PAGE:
5 Photos of Firing Pin Repair on a Colt Single Action Clone

   08.25.17

5 Photos of Firing Pin Repair on a Colt Single Action Clone

I’d gotten an Italian-made copy of a 45 Colt single action in a trade, and liked it, but when it failed to go bang every time, I became less fond of it. How to recover my lost love? Repair, of course!

When it failed to fire, it was because of light primer strikes, so I started looking for the problem, after completely unloading the gun, of course. Gotta stay safe.

(Photo © Russ Chastain)
(Photo © Russ Chastain)

As you can see in the photo, the firing pin wasn’t really protruding forward as far as it ought to. Hmm.

I started looking more closely at the hammer, to see just how things were put together.

(Photo © Russ Chastain)
(Photo © Russ Chastain)

The firing pin lies in a hole in the hammer. The hole (right arrow) goes all the way through the hammer, and is of larger diameter up front, where the firing pin (left arrow) is. A cross pin (middle arrow) retains the pin in the hammer, but not rigidly. The pin could wiggle a short distance in & out of the hole in the hammer.

At this point, I measured the distance from rear of hammer spur to tip of firing pin with the firing pin pushed into its hole; I knew I needed to make that distance greater than the 1.660″ I measured.

(Photo © Russ Chastain)
(Photo © Russ Chastain)

Using a pin punch barely smaller than the cross pin, I drifted the cross pin out of the hammer while supporting the other side of the hammer. This was the result.

The cross pin is made of soft steel, which is why it is slightly deformed in the middle. That deformation, along with some corresponding deformation of the firing pin, allowed the firing pin to move back into the hammer too far, which contributed to my problem.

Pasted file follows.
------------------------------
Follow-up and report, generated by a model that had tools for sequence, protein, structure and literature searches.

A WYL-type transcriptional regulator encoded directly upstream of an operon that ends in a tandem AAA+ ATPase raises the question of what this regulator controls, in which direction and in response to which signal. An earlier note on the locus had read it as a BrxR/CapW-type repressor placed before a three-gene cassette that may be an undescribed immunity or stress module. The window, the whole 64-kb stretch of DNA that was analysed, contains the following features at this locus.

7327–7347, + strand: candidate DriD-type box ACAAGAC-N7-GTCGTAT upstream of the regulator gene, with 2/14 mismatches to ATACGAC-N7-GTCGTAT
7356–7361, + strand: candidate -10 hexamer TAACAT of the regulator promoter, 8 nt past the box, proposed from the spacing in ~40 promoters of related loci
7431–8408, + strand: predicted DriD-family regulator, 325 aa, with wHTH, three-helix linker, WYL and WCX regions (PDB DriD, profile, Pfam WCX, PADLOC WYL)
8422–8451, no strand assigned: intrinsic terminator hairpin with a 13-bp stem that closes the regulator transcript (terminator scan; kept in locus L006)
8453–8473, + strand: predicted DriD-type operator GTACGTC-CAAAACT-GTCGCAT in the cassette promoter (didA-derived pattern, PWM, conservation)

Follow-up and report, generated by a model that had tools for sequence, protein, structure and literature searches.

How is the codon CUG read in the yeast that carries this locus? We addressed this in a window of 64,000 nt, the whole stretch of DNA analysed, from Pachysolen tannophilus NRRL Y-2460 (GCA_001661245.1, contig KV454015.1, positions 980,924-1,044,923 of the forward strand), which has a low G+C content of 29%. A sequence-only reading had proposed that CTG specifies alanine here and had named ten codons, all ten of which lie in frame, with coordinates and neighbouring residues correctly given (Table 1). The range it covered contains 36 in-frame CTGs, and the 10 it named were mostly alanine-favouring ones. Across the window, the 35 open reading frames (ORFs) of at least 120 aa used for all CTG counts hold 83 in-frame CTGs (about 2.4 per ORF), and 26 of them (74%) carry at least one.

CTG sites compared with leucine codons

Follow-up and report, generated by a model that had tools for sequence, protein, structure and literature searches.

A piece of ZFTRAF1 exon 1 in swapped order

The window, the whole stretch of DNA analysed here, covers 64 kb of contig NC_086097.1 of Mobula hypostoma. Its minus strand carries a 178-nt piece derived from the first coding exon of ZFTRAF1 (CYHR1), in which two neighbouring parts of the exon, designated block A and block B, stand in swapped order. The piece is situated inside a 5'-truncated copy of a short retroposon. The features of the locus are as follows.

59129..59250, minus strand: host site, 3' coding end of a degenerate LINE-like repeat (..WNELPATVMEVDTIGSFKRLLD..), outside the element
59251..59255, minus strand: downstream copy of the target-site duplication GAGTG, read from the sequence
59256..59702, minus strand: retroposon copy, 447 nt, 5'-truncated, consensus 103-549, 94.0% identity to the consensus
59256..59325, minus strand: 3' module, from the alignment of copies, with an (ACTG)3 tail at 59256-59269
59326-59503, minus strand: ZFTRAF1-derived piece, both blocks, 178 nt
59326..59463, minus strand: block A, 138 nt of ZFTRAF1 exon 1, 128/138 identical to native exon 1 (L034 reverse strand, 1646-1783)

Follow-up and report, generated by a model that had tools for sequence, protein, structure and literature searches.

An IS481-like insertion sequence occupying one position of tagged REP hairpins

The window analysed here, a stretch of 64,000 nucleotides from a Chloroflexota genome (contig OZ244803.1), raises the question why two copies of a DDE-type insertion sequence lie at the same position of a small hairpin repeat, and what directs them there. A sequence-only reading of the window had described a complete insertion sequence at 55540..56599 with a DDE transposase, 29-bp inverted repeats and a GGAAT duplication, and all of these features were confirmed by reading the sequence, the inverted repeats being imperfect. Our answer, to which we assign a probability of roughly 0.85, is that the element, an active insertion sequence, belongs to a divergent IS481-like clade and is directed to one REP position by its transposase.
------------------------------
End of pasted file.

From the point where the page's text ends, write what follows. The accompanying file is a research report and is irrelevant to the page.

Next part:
(Photo © Russ Chastain)
(Photo © Russ Chastain)

As you can see, the pin has been beaten until it began to take on the shape of the firing pin groove. Was this the whole problem? To find out, I reassembled the parts, making sure the cross pin and firing pin were both engaging with virgin surfaces, and again measured from hammer spur to firing pin tip.

The difference was almost nonexistent; simply replacing the cross pin wasn’t going to solve the problem.

I pondered for a few days, and had just about decided to enlarge the hole for the cross pin and use a new, larger, cross pin (which I would have to make and then harden) to crowd the firing pin forward. But the more I thought about doing all that work for a questionable result, the more I reconsidered.

After mulling it over, I finally settled on something simpler. I found a small allen-head set screw at my local hardware store, then drilled & tapped the smaller (rear) portion of the firing pin hole to match the set screw. After deburring the hole at the rear of the hammer, I reassembled the two pins into the hammer, then snugged up the set screw against the rear surface of the firing pin.

(Photo © Russ Chastain)
(Photo © Russ Chastain)

I measured the distance from firing pin tip to hammer spur: 1.675 inches; considerably longer than the original 1.660.

The set screw is far inside the hammer, and a casual observer would never notice it. Best of all, I solved the problem without having to build any new parts, no re-drilling of the hammer for the cross pin, etc.

Fortunately, the hammer was soft enough to allow this to work; if it had been better-hardened, I could have had trouble with the drill & tap.

At the range, the old wheel gun went bang every time, and there’s nothing wrong with that.

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